Trusting God When the Days are Hard and the Road is Long (written by Emily Walls)


As I sat outside in the sunshine today, I noticed a little sparkling, glimmering butterfly that Isaiah, my now seven-year-old, had used to artfully decorate our yard last week. He went crazy putting out butterflies and paper windmills in every single plant we own. It kind of looks like a carnival outside now, but I give him credit…our yard needed some major help, and this day I needed this little symbol of God’s goodness in my life after what has been a really hard several months for me.

Many people may not know I was diagnosed with an autoimmune disease two years ago called ulcerative colitis. It is a disease where your immune system causes ulcers to line the inside of your digestive tract, resulting in daily viral symptoms and blood loss. Food becomes the enemy, because anything you eat makes you sick no matter how healthy it may be. It is truly a debilitating disease physically and mentally. In three weeks, I lost a pound or more per day as I was unable to retain any sort of food or nutrition, but it is pretty astonishing how God can use these times to draw you to him. Over the years anxiety and fear have gripped my life in a variety of ways, but in light of my current health situation, God is teaching me a few very basic, simple truths I hope may be of some comfort to you in your daily struggles

-Satan comes to destroy, but Jesus comes to give abundant life.

The thief comes only to steal and kill and destroy. I came that they may have life and have it abundantly.” John 10:10

When we face seemingly insurmountable trials it may seem that God is not for us. In fact, much of my life has been spent in fear of God and what sort of suffering He is going to inflict upon my life. Part of this is because, I know the Lord uses suffering as refinement – and I fear it. But this verse says quite the opposite…Jesus came to give us abundant life. Satan is the destroyer.

Believing that God is sovereign, means we believe everything goes through his hands. He allows suffering in our lives…but why? To give us abundant life. Through this trial, I have learned something about God that I’ve been told my whole life:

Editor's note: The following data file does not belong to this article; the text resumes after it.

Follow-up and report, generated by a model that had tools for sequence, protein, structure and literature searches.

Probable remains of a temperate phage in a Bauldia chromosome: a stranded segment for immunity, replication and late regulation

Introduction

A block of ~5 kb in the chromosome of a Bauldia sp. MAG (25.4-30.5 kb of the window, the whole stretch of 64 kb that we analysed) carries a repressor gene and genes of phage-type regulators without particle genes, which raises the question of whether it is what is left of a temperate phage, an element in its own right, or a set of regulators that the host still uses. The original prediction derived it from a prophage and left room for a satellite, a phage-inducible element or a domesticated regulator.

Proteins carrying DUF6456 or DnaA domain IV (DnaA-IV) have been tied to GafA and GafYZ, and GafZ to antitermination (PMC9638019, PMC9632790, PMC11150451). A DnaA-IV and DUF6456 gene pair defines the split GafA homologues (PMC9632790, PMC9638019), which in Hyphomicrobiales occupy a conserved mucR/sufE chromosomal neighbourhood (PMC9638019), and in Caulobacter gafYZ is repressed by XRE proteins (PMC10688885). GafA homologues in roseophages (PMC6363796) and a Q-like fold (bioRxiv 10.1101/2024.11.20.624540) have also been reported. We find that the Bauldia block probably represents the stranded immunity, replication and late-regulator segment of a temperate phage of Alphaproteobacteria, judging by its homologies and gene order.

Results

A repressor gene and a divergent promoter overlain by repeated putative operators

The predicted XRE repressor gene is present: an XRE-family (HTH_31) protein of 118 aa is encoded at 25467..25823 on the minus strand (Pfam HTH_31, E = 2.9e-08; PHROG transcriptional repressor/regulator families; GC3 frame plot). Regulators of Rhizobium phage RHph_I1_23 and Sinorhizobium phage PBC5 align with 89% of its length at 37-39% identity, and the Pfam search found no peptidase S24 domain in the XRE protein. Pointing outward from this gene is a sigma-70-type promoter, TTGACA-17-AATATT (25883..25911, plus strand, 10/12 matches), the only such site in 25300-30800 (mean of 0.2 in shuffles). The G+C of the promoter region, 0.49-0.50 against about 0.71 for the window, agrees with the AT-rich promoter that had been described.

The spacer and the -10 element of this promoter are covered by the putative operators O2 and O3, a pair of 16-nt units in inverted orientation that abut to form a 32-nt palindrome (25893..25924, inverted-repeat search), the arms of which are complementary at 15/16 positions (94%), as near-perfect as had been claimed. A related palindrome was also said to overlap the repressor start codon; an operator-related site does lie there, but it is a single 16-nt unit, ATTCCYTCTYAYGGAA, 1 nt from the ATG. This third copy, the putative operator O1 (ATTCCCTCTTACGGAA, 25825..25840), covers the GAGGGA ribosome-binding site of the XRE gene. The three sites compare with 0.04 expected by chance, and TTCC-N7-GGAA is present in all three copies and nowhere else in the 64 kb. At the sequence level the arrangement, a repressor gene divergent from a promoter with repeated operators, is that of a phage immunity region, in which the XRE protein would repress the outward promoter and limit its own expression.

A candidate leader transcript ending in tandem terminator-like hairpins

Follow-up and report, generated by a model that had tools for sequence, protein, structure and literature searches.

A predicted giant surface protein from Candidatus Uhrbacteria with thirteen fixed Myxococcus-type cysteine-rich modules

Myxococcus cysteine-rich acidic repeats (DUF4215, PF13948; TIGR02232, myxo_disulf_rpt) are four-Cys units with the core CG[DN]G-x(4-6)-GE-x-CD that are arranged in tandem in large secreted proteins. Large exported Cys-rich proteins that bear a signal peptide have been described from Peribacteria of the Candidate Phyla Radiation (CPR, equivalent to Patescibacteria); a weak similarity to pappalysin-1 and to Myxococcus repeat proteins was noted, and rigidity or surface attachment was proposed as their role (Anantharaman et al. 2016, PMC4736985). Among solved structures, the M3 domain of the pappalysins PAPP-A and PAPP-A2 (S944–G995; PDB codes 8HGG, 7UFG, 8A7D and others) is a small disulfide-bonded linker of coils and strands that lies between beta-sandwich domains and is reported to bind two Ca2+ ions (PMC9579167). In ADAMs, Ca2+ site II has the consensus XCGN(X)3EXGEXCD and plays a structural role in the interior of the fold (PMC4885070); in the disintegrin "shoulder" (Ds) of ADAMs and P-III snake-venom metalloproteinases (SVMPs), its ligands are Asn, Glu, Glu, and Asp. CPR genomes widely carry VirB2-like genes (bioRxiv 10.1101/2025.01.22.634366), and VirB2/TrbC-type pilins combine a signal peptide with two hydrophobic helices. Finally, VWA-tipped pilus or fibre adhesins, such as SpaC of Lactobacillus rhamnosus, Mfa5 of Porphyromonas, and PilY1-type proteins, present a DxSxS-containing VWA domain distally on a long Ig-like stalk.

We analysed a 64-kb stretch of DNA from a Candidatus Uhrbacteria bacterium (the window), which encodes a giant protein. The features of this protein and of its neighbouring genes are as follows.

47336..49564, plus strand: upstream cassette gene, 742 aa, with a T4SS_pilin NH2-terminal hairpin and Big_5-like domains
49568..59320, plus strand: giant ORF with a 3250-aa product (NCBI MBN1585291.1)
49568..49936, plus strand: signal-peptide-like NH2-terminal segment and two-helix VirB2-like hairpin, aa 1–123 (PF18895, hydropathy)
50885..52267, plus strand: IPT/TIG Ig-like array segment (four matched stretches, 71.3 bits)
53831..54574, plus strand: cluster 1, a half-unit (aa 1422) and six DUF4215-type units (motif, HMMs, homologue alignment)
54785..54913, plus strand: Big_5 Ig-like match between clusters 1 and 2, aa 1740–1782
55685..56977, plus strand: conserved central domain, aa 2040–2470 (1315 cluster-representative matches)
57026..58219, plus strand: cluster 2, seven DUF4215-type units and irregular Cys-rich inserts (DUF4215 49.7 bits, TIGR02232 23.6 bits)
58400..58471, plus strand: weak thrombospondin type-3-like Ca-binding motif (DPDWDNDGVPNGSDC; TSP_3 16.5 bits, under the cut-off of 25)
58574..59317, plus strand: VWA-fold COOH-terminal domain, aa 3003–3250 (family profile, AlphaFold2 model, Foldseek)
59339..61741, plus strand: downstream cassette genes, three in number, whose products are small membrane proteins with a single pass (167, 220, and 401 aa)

• that God loves us
  • that God is for us
  • that God wants all of us…not just part.

– Jesus wants us to abide in Him.

“Abide in Me, and I in you. As the branch cannot bear fruit of itself unless it abides in the vine, so neither can you unless you abide in Me.” –John 15:4

Jesus wants us to abide in him. Daily we are distracted with work, family, sports, health, social media. Satan uses good things in life to tear us from our Father. This is why we must abide in Christ. God often uses struggle to refocus us on what matters…he will not let us fall beyond his grasp, and he will use whatever means he needs to draw us back to him.

I recently discovered this excerpt from by Jon Bloom, and feel it truly conveys the seriousness of abiding in Christ:

When Jesus issued his command that we abide in him, he wasn’t giving us a lofty ideal to shoot for, like an inspirational poster phrase. Nor did he mean it as an option for more serious Christians who want the “deeper life.” He meant we would only survive if we abide. Like physical nutrition, good spiritual nutrition is a matter of life or death. That’s why Jesus went on to say in the next verse,

 “If anyone does not abide in me he is thrown away like a branch and withers; and the branches are gathered, thrown into the fire, and burned.” (John 15:6)

These are serious words. Jesus was just hours away from crucifixion. Everything was about to change radically for his disciples. Jesus was going to die, then rise again, then leave them and ascend to the Father, and then send his Holy Spirit to help them carry on his mission (John 16:4–15). They had learned to depend on him for everything. Now they would have to learn to depend on him for everything without him being physically present.

Their very survival would depend on abiding in him (John 15:4), and by that he meant living (remembering, believing, loving, and banking everything on) his words more than their natural perceptions (John 15:7), just as they had believed in him when he was physically with them. They would have to walk by faith and not by sight in ways that would look foolish and weak to the world (2 Corinthians 5:7; 1 Corinthians 1:18–25).

Simply put, without abiding in Christ, we cannot and will not survive.

– Jesus will not abandon us.

“Therefore my heart is glad and my tongue rejoices; my body also will rest secure, because you will not abandon me to the realm of the dead, nor will you let your faithful one see decay. You make known to me the path of life; you will fill me with joy in your presence, with eternal pleasures at your right hand.” – Psalms 16:6-11

When I was growing up, my Mamaw was one of the greatest spiritual mentors in my life. If there is one thing she repeated to me over the years, it was, “Jesus will never leave you or forsake you.” She said this to me so many times it’s seared into my memory. What an amazing promise. Jesus will never forsake us – we are victors not victims. We are more than conquerors in Christ, and all we must do is simply look back to the cross where Jesus took on the ultimate form of suffering – being nailed to the cross

…so that we may have abundant life,

…so that we may abide in him,

…and so that we may know he will never abandon us, even as we walk through the valley of the shadow of death.

Everyday as I face new challenges, new trials, and new journeys on the road ahead, I’m reminded of that little sparkling butterfly in the sunshine – a symbol of metamorphosis, a shining picture of God’s underserving, merciful grace in our lives, even when the days are hard and the road is long – he promises each one of us abundant life in him.